Ever imagine having your own secret garden without the hassle of dealing with the heat or the bugs? Enter the garden room, a hot trend offering homeowners a lush, green escape they can enjoy without ever leaving the house.
A garden room is just what the name would imply: a room full of plants that brings the garden into the house. Although they’re similar, a garden room is not the same as a greenhouse. The latter is a glass structure built separately from the main residence, typically in a backyard, where a homeowner grows everything from flowers to vegetables to herbs.
A garden room, on the other hand, is also called an atrium. It’s typically insulated with electrical outlets and can be free-standing or connected to the home, says Joan Mazat, head of new product development for Ball Horticultural Co. in Chicago.
Built to be used year-round, a garden room is typically used to grow decorative rather than edible plants.
In this form, garden rooms have been around since the 1970s, says Pablo Solomon, an artist and designer from Austin, TX.
Solomon, who’s known for his work in the environmental movement, says the resurgence of garden rooms is part of the sustainability movement, whose aim is to reduce our carbon footprint and create a healthier environment inside and outside the home. The obsession with houseplants is also moving beyond the millennial generation.
You can create a garden room that’s fairly simple or completely over the top. Follow these tips on how to create a garden room no matter your budget.
Start with a few plants
Yes, it really is this simple.
“Any green plants in your home will be a positive,” Solomon says.
Depending on your space, you can place a few small African violets along a windowsill, hang some ferns from the ceiling, or load the corners with potted houseplants.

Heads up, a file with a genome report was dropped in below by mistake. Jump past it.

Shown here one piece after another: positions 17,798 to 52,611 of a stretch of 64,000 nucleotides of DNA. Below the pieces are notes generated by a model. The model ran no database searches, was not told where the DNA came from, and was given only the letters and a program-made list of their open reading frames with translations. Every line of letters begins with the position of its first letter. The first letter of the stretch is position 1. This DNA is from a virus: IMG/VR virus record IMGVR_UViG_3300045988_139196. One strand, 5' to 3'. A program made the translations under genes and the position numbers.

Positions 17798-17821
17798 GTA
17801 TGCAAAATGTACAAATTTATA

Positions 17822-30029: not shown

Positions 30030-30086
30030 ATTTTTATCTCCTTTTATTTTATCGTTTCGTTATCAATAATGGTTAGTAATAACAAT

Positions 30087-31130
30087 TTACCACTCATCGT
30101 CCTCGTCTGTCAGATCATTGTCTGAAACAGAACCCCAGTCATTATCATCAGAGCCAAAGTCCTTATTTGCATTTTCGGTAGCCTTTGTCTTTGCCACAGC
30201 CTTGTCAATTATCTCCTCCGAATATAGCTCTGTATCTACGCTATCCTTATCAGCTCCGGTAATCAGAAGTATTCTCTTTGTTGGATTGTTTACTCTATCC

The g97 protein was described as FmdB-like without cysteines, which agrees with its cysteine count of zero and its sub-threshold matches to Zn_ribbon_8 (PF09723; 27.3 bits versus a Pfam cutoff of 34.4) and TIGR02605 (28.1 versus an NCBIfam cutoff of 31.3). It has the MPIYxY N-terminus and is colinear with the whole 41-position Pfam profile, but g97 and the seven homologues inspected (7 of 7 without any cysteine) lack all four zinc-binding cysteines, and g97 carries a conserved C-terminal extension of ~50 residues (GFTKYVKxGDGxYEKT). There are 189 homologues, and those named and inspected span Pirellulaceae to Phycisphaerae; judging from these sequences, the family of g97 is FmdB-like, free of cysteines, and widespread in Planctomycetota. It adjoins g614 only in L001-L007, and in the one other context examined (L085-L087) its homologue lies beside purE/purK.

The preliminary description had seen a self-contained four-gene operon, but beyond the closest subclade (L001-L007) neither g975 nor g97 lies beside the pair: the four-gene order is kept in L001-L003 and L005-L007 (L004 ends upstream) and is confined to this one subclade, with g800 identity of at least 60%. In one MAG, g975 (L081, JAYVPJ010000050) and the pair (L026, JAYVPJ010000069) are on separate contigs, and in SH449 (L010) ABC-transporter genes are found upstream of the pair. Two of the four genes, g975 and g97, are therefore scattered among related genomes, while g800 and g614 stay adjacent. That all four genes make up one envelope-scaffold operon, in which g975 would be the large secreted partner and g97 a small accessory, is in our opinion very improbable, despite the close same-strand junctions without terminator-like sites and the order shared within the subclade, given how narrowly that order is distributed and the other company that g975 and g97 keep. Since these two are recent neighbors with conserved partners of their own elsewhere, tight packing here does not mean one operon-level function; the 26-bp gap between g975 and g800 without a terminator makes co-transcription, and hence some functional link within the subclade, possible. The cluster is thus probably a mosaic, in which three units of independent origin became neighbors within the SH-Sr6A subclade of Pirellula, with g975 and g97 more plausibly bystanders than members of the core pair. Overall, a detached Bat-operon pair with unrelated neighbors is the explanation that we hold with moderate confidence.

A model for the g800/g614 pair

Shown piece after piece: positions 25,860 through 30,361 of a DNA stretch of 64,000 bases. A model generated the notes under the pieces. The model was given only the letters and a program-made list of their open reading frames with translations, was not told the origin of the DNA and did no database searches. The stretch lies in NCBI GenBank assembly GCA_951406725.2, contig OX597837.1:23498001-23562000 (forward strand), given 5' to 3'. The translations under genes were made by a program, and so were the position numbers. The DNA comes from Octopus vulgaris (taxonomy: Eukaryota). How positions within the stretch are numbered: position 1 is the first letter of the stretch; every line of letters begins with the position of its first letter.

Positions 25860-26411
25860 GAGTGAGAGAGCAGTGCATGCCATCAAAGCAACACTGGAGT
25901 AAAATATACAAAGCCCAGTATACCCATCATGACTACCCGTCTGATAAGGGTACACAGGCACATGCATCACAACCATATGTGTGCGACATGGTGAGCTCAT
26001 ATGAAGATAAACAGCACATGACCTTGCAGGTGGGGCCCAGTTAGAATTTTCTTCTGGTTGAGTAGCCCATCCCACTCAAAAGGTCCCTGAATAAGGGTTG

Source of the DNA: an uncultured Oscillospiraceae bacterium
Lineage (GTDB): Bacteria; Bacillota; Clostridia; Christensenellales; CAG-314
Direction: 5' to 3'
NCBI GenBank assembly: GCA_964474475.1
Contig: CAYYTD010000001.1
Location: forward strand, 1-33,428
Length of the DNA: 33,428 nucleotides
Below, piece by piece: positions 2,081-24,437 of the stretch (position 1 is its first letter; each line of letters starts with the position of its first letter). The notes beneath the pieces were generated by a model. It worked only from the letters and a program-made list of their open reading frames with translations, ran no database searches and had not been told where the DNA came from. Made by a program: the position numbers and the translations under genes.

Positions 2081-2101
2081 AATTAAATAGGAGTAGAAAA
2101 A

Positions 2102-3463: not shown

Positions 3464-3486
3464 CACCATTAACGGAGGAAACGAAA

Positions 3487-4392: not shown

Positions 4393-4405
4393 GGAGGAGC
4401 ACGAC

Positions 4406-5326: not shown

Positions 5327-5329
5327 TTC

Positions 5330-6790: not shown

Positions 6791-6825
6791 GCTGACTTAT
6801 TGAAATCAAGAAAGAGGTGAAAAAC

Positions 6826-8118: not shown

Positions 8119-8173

Add a glass roof
If you want to add an extension to your home to accommodate a garden room, you can take your cues from greenhouse structures. Adding a glass roof or a wall of windows lets in ample sunlight for your plants to thrive.
Plants do well when facing east, west, or south, since these exposures get the most sunlight (at least during the colder months), so keep this in mind when deciding where to add windows to your home. It’s best to avoid north-facing glass.
If your garden room is fairly shady, no worries. Some plants such as lilies and ferns thrive in low-light conditions. Here are more plants that don’t need much light.
When it comes to the type of glass, Mazat recommends “double-glazed windows for year-round use, single pane for summer-only use.”
Go full gazebo
If you want to feel like you’re outside in the garden even when it’s chilly outside, consider a gazebo, a structure with six glass walls. Styling your addition after a gazebo that would sit inside the garden offers the best of both worlds: the feeling of being outdoors while being inside.
Take your cues from the jungle
There’s really no limit to the number and type of plants you can add to your garden room. Mazat suggests drawing from the jungle, mixing your flora with annuals so you’ll have different color combinations throughout the year.
“Flowering plants that have an in-home bloom time for about 30 days are a great addition for color accents that can be changed monthly for a new splash of color decor, such as kalanchoe, gerbera, African violets, cyclamen, and more,” Mazat says.
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